Hi Siti!

      I’m studying at Kwansei Gakuin University’s School of International Studies, if you’re interested. They will accept the local equivalent in place of entrance exams so your GPA and academic transcripts should suffice. If you want to find out scholarships to Japanese universities/application forms etc, check out JUGAS http://web.jugas.org.sg/ that lists some specifically for Singaporeans 🙂

      I hope that helps! If you have more questions you can always email me at bernadette.lyf@gmail.com

      • Siti says:

        Oh my goodness, thank you so much Bernie! You’re a great help and I’m really grateful. I hope everything goes well for you even after your studies. 🙂

  • Boey Kwan says:

    Thanks for this story! I’m inspired (and frankly RELIEVED) to hear that your studying was significantly more relaxing than everyone expected. I’m interested about the elitist ideology in Singapore. I live in Canada but I’m Cantonese, and my Asian friends seem to be undergoing a stressful period of self-or-parent-or-peer-inflicted pressure, to get good grades. The atmosphere of competition is astounding (and nerve-wracking).
    But that’s slightly off topic. Pertaining to university in Japan – third-year high school students study ferociously to get into a university. This includes cram schools that you mentioned, tutoring, all the Japanese/Asian stereotypical pathways to success. But after university, the load lightens, and young people have time to karaoke and party and drink. I don’t endorse that behaviour but it’s how they express their relative lack of stress or pressure, so I’m happy for them.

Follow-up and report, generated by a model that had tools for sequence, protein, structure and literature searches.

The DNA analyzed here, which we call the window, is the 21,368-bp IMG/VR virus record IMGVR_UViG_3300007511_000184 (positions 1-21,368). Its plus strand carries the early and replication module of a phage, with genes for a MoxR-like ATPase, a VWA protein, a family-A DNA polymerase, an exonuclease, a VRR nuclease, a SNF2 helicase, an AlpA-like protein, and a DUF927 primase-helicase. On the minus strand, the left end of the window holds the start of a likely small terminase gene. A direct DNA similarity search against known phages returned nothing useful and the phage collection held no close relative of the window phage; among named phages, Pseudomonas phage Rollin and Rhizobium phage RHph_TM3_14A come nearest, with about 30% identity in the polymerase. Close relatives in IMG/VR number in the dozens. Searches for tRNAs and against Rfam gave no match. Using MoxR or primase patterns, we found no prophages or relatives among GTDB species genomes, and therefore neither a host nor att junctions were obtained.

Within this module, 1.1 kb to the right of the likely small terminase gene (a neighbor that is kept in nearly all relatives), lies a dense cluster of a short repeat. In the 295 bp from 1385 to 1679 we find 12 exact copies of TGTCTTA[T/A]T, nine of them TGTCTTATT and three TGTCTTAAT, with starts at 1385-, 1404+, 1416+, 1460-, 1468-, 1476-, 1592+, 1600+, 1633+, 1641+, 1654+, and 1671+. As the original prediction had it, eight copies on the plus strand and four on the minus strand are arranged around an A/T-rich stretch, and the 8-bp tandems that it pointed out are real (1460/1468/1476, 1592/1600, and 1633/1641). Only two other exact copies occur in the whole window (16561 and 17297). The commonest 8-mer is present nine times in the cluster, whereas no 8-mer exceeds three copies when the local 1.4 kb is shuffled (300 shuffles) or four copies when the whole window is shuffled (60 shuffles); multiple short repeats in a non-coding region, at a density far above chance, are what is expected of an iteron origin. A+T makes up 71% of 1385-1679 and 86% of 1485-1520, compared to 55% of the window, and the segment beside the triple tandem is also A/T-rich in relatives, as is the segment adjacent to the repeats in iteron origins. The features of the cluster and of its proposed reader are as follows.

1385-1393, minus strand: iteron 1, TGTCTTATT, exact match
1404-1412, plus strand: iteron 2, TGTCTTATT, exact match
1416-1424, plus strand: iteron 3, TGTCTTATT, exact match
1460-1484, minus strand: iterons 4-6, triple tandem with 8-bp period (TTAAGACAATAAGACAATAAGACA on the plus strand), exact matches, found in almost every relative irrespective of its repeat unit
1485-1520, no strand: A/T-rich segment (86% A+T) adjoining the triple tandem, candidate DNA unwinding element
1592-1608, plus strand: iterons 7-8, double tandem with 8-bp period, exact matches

Question: is the above info accurate? And when job-hunting period comes about, what did you find was the best way to cope with it (shuukatsu)?

    • Bernie Low says:

      It is true that there is the stereotype of cramming just to get into a good school and relaxing once entering it. And while it is true some do have a lot of fun partying and devoting their time to say, club activities etc. my peers do study hard as well! Perhaps it’s not as stressful because the entrance exams are a “do-or-die” situation and university has more flexibility with modules (eg retaking next semester, planning your own schedules).

      Personally I was able to do well without the same level of hardcore mugging I did for my A levels but perhaps I learnt to study smart or all the years of cramming/analytical essay writing prepared me for uni better.

      I can’t say from my own experience of shuukatsu but what I find the best way to cope with it is to not have any classes interfere with interviews (aka complete all graduation credits/mods by the start of 4th year) because the biggest problem is having companies hold interviews in the middle of the day (sometimes in another prefecture) which means having to skip class to attend it. And of course learning the supposed “right way” to do things aka handwriting/personalizing each resume, the suit and makeup/hair do, the proper keigo/greetings etc

  • HaripriyaRamkrishnan says:

    this was so beautiful! Thank you so much for writing this! I had wanted to study my Undergraduate course in Japan but could not do so owing to financial problems. Now, I am biding my time while working hard towards my goal of wanting to study my Master’s in Japan. Right now, I was in the middle of composing an email to a Japanese teacher and was..tired out because composing an email in Japanese and a long one at that is quite exhausting. And this article gave me such an indescribable boost! Oh I could only keep saying a thousand thanks–so thank you! Good luck with all your ventures in Japan!

    • Bernie Low says:

      Thank you for your heartwarming comment! I’m glad the article had such a good effect on you ^_^b it makes my day to know someone enjoyed what I wrote. Best of luck to you too!

  • thisismikodee says: